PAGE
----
Tragically, the causes of cancer in children are largely unknown. Until these illnesses can be cured, my Administration will continue to support investments in research and treatment. The National Cancer Institute, the Federal Government's principal agency for cancer research, is supporting national and international studies examining the risk factors and possible causes of childhood cancers.

The health reforms included in the landmark Affordable Care Act advance critical protections for individuals facing cancer. Provisions in the law prohibit insurance companies from limiting or denying coverage to individuals participating in clinical trials, the cornerstone of cancer research. After recovering from cancer, children can no longer be denied insurance coverage due to a pre-existing condition. It also requires all new plans to provide preventive services without charging copayments, deductibles, or coinsurance, increasing access to regular checkups that can help detect and treat childhood cancers earlier. The Affordable Care Act eliminates annual and lifetime caps on insurance coverage and prohibits companies from dropping coverage if someone gets sick, giving patients and families the peace of mind that their insurance will cover the procedures their doctors recommend.

This month, we pay tribute to the health-care professionals, researchers, private philanthropies, social support organizations, and parent advocacy groups who work together to provide hope and help to families and find cures for childhood cancers. Together, we will carry on their work toward a future in which cancer no longer threatens the lives of our Nation's children.

NOW, THEREFORE, I, BARACK OBAMA, President of the United States of America, by virtue of the authority vested in me by the Constitution and the laws of the United States, do hereby proclaim September 2010 as National Childhood Cancer Awareness Month. I also encourage all Americans to join me in recognizing and reaffirming our commitment to fighting childhood cancer.

IN WITNESS WHEREOF, I have hereunto set my hand this
tenth day of September, in the year of our Lord two thousand ten, and of the Independence of the United States of America the two hundred and thirty-fifth.


August 31, 2011

Wednesday, August 31, 2011

Wednesday, August 31, 2011

Tonight's picture was taken in August of 2007 during one of Mattie's trips to San Diego. This was by far Mattie's favorite spot to visit in San Diego! As my readers know very well, LEGO was Mattie's toy of choice. However, LEGO is more than a toy, in a way it is a tool that helps children learn about space, physics, and mathematical properties. Mattie naturally gravitated to them and during his 15 months in the hospital, we literally built EVERY LEGO kit on the market. To this day, I still have Mattie's assembled Lego Taj Malhal in our living room. Mattie visited Legoland at least three times, and with each visit he was physically able to do more in the park. On his last adventure there he  fell in love with their roller coasters and Mattie and Peter rode on them throughout the day! Since I am deathly afraid of roller coasters, I was simply in amazement over Mattie's courage and thrill for excitement. However, it wasn't until July of 2008, when Mattie was diagnosed with cancer did we learn the true strength of his courage and bravery.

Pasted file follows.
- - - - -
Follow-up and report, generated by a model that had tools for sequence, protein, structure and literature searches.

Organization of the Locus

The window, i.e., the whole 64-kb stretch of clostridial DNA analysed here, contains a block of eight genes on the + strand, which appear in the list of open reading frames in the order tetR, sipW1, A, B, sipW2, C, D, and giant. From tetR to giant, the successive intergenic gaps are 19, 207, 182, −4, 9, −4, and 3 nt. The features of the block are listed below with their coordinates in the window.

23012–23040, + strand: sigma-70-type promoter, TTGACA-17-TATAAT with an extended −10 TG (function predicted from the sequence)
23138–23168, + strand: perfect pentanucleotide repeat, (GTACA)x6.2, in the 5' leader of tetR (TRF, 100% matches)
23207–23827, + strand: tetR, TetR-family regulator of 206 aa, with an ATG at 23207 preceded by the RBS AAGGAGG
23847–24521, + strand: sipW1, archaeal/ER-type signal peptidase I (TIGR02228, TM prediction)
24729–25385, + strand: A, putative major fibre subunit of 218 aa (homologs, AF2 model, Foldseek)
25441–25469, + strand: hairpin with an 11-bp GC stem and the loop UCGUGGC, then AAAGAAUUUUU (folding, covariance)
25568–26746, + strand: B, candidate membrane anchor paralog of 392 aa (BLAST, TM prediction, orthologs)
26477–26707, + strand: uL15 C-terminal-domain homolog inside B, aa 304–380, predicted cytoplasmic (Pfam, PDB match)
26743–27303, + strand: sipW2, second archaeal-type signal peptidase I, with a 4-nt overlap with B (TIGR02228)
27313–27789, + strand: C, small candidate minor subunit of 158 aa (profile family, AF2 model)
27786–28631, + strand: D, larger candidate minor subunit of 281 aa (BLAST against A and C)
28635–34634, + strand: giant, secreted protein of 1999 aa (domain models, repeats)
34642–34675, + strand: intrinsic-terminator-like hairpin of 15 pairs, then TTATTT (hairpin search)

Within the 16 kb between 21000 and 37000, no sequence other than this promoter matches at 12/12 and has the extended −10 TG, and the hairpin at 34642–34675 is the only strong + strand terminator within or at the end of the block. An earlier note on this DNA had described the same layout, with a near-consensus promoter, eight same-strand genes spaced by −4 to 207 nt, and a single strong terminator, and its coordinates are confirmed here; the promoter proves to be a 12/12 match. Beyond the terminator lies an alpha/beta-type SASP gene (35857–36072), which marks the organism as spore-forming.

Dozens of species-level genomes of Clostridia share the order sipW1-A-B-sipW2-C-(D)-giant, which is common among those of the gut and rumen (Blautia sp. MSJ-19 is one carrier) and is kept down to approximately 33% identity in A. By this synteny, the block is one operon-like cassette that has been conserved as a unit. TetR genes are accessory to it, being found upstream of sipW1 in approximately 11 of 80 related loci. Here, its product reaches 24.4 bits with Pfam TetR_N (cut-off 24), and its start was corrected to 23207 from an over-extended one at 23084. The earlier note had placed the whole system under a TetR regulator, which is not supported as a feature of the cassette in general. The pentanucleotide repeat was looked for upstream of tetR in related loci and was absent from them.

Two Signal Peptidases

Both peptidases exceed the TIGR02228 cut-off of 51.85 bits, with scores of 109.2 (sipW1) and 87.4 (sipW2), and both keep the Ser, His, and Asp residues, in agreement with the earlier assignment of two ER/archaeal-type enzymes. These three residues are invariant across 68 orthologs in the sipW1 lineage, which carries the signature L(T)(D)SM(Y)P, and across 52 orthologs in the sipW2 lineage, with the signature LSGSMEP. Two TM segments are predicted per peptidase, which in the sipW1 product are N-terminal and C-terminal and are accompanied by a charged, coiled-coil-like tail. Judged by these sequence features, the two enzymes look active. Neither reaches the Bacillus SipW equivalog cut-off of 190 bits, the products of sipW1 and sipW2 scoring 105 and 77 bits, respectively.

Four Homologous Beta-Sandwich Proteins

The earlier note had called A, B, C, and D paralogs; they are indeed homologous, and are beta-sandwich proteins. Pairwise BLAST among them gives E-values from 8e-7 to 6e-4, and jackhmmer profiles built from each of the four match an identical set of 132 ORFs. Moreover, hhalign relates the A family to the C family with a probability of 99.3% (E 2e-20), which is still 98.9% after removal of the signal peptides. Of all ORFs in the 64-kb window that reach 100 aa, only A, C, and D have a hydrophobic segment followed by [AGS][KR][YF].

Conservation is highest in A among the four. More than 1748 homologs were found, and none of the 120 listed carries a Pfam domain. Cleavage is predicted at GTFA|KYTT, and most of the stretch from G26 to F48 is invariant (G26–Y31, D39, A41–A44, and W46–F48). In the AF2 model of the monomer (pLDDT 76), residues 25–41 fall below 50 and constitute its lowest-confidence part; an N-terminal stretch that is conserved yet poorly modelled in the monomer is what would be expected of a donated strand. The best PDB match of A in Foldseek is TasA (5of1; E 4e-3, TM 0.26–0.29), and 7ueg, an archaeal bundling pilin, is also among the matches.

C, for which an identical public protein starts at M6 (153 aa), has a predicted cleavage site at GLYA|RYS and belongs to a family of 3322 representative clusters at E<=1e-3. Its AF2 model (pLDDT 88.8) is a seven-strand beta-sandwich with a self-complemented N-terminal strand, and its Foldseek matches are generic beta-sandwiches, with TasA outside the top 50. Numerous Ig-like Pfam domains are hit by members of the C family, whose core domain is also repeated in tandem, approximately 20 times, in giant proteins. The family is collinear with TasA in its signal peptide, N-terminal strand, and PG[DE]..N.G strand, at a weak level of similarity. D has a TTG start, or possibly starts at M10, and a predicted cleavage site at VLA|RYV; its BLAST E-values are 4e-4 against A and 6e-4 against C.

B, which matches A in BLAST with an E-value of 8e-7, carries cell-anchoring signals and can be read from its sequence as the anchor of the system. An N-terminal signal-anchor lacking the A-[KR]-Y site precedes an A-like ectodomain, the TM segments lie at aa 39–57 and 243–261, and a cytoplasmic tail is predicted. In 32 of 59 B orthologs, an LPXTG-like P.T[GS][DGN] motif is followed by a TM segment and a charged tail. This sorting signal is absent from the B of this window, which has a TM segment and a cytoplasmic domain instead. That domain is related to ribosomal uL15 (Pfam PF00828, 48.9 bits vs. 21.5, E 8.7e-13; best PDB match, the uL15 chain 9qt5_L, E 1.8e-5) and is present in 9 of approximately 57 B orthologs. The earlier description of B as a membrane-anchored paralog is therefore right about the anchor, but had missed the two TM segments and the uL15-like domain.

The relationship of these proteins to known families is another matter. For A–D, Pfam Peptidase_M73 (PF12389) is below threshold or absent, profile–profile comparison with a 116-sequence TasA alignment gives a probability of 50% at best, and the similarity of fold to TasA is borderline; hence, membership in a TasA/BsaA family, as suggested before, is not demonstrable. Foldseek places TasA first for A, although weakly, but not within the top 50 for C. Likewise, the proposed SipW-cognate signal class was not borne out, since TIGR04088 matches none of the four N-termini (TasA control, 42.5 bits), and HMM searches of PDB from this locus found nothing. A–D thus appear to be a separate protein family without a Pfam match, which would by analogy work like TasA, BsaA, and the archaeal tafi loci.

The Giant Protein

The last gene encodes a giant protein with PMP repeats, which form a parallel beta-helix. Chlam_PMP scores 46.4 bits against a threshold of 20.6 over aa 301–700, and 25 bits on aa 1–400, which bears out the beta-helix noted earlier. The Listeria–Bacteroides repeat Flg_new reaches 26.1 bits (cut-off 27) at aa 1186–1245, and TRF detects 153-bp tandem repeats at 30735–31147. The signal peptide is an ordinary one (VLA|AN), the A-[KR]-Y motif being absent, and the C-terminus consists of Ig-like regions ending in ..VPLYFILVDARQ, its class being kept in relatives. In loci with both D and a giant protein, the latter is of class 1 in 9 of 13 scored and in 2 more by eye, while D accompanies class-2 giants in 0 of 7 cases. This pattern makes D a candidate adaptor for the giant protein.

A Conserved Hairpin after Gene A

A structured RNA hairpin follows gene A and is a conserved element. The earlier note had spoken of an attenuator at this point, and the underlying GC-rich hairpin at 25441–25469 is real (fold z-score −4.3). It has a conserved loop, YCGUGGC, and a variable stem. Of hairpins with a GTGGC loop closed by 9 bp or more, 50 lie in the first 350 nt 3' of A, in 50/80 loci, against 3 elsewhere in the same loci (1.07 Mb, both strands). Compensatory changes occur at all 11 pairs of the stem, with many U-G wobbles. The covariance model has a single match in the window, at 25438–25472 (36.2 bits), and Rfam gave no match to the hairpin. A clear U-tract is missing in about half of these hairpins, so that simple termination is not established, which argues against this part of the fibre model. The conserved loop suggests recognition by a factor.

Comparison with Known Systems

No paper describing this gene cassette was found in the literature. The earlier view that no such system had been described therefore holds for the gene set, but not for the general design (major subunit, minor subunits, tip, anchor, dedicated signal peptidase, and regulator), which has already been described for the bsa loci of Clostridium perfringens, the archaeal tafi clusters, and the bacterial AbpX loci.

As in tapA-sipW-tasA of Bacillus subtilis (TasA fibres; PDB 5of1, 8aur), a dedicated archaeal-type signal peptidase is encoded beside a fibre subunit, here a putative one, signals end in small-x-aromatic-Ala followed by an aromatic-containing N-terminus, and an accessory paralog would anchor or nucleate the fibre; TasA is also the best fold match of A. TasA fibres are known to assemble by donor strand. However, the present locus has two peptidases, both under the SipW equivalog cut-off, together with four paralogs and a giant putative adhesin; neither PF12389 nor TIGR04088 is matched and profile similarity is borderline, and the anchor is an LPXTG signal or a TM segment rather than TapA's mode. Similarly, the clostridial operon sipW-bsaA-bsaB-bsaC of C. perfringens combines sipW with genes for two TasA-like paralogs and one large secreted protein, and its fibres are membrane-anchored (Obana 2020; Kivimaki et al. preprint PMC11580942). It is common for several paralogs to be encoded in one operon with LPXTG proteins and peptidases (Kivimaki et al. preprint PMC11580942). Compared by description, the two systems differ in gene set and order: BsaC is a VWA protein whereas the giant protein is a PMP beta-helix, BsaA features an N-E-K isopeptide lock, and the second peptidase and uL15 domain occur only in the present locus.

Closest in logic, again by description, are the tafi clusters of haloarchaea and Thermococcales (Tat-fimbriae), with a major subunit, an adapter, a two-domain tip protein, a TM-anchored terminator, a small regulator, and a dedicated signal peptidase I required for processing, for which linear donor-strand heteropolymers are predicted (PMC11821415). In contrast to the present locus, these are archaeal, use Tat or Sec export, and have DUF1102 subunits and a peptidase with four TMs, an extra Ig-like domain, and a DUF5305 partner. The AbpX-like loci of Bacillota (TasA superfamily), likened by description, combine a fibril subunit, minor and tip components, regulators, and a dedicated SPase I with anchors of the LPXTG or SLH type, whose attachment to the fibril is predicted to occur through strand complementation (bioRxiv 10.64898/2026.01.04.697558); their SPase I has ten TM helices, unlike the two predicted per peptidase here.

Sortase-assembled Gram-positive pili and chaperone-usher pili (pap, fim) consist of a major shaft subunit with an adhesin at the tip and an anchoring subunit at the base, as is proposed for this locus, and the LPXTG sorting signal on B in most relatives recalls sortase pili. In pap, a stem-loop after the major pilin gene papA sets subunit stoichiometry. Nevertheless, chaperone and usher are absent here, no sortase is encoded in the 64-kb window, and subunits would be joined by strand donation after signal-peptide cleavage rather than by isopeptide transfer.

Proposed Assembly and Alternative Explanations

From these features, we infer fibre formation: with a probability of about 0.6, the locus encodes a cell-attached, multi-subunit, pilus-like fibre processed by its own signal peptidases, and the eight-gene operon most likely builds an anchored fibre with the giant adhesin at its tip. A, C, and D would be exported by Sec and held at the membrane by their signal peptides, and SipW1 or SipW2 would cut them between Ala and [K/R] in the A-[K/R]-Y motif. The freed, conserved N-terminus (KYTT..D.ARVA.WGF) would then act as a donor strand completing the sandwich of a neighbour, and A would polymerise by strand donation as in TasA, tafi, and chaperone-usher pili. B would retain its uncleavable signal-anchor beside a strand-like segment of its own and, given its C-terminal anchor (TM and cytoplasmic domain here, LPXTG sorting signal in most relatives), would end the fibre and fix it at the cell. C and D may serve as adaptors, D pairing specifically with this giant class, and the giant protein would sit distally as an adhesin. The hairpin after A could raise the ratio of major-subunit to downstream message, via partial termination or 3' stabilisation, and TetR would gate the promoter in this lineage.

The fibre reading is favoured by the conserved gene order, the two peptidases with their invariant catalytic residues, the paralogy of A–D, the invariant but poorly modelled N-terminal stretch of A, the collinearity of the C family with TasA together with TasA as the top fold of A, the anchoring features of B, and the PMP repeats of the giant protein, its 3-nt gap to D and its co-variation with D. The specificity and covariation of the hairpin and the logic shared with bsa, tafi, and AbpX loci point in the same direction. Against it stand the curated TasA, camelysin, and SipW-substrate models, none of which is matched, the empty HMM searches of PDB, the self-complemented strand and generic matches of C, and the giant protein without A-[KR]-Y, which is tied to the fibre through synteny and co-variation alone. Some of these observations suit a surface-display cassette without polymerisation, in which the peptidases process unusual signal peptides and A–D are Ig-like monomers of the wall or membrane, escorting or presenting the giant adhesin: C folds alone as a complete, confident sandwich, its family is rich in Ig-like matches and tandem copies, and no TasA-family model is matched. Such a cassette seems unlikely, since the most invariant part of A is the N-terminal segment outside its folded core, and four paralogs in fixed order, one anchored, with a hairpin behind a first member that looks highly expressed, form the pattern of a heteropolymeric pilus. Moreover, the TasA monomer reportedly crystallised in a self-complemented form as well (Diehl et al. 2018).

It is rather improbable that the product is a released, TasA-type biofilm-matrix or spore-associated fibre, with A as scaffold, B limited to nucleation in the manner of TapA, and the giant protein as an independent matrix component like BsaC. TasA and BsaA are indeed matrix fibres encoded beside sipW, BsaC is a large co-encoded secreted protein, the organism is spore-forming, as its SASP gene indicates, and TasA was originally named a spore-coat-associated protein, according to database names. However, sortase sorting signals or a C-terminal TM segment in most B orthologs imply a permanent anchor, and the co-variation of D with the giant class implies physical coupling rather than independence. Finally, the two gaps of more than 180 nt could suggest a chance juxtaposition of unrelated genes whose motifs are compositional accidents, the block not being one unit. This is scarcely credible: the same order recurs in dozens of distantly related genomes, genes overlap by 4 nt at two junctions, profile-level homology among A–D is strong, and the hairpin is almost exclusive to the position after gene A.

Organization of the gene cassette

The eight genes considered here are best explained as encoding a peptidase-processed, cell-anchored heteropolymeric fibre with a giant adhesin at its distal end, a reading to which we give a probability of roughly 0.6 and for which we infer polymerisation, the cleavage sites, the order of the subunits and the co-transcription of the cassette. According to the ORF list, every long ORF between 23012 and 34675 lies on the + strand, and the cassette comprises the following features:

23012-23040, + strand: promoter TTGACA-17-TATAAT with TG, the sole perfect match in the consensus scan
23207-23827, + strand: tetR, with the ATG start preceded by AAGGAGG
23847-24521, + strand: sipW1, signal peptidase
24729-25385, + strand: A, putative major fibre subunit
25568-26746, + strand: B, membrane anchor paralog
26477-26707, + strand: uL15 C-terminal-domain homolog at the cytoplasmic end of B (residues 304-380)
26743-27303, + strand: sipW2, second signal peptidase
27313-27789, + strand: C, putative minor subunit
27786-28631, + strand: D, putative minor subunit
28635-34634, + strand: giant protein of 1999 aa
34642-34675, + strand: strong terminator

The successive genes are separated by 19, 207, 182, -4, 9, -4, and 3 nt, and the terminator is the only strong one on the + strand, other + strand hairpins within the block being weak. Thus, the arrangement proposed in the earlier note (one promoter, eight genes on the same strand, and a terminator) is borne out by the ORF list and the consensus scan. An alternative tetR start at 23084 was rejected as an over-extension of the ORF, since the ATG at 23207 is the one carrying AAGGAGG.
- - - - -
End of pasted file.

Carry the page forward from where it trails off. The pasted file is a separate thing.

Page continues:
Quote of the day: You give yourself permission to grieve by recognizing the need for grieving. Grieving is the natural way of working through the loss of a love. Grieving is not weakness nor absence of faith. Grieving is as natural as crying when you are hurt, sleeping when you are tired or sneezing when your nose itches. It is nature's way of healing a broken heart. ~ Doug Manning

I began my day by visiting Capitol Hill and the office of Representative Jackie Speier (D-CA). Rep. Speier is one of the 14 co-signers of HR 262, our psychosocial resolution that was introduced on May 13, 2011 by Rep. Chris Van Hollen (D-MD). The Resolution supports efforts to raise awareness, improve education, and encourage research and treatment of the psychosocial needs of children, adolescents, and young adults diagnosed with a childhood cancer and their families. For more information about the Resolution please click on:

We met with Erin Ryan, Legislative Counsel to Jackie Speier, as well as Lauren Neff, Children's Cause for Cancer Advocacy's Director of Public Policy. Peter and I first met Lauren last March at CureSearch's Day on the Hill, and we have been connected to her ever since. We appreciate the opportunity to collaborate together legislatively as we try to make a difference in the quality of care children and families receive throughout their cancer battle. When I say throughout I literally mean from the time of diagnosis through survivorship.

It may shock you to know that in our era of modern medicine children with cancer are still treated with drugs from the 1950s, 1960s, and the 1970s. In 2004, the FDA approved, Clofarabine, a drug to treat leukemia. However, you should note that NO NEW DRUGS HAVE BEEN FDA APPROVED since the 1970s for children with cancer other than Clofarabine. As we know there are at least 12 different forms of childhood cancer, and clearly Clofarabine won't help each of them. In addition, because NO new drugs have been developed, physicians are left with no other options but to increase the dosage levels of these chemotherapy drugs to treat different forms of childhood cancers. However, such dosage increases have GREAT consequences. Around two thirds of all children who survive cancer treatment have some sort of long term effect. An effect that is a direct result of the toxicity of treatment. Such long term effects may include sterility, heart issues, neurocognitive issues, psychological issues, and secondary cancers. Therefore, surviving treatment and going into remission are wonderful, but that doesn't mean BY ANY CIRCUMSTANCE, that the child/teen can return to life as he/she lived it before. These children and teens need specialized medical care throughout their life journey to assure their health and well being. Unfortunately however, most children and teens do NOT have access to such services. Mainly because they DO NOT exist at most hospitals. So survivorship issues are the focus of Children's Cause for Cancer Advocacy (CCCA), and as our readers know, the psychological and social needs of children and their families with cancer is central to our mission. As you probably can connect the dots, survivorship issues and the psychological and social issues associated with childhood cancer are very interlinked, which is why Mattie Miracle is happy to be collaborating with CCCA.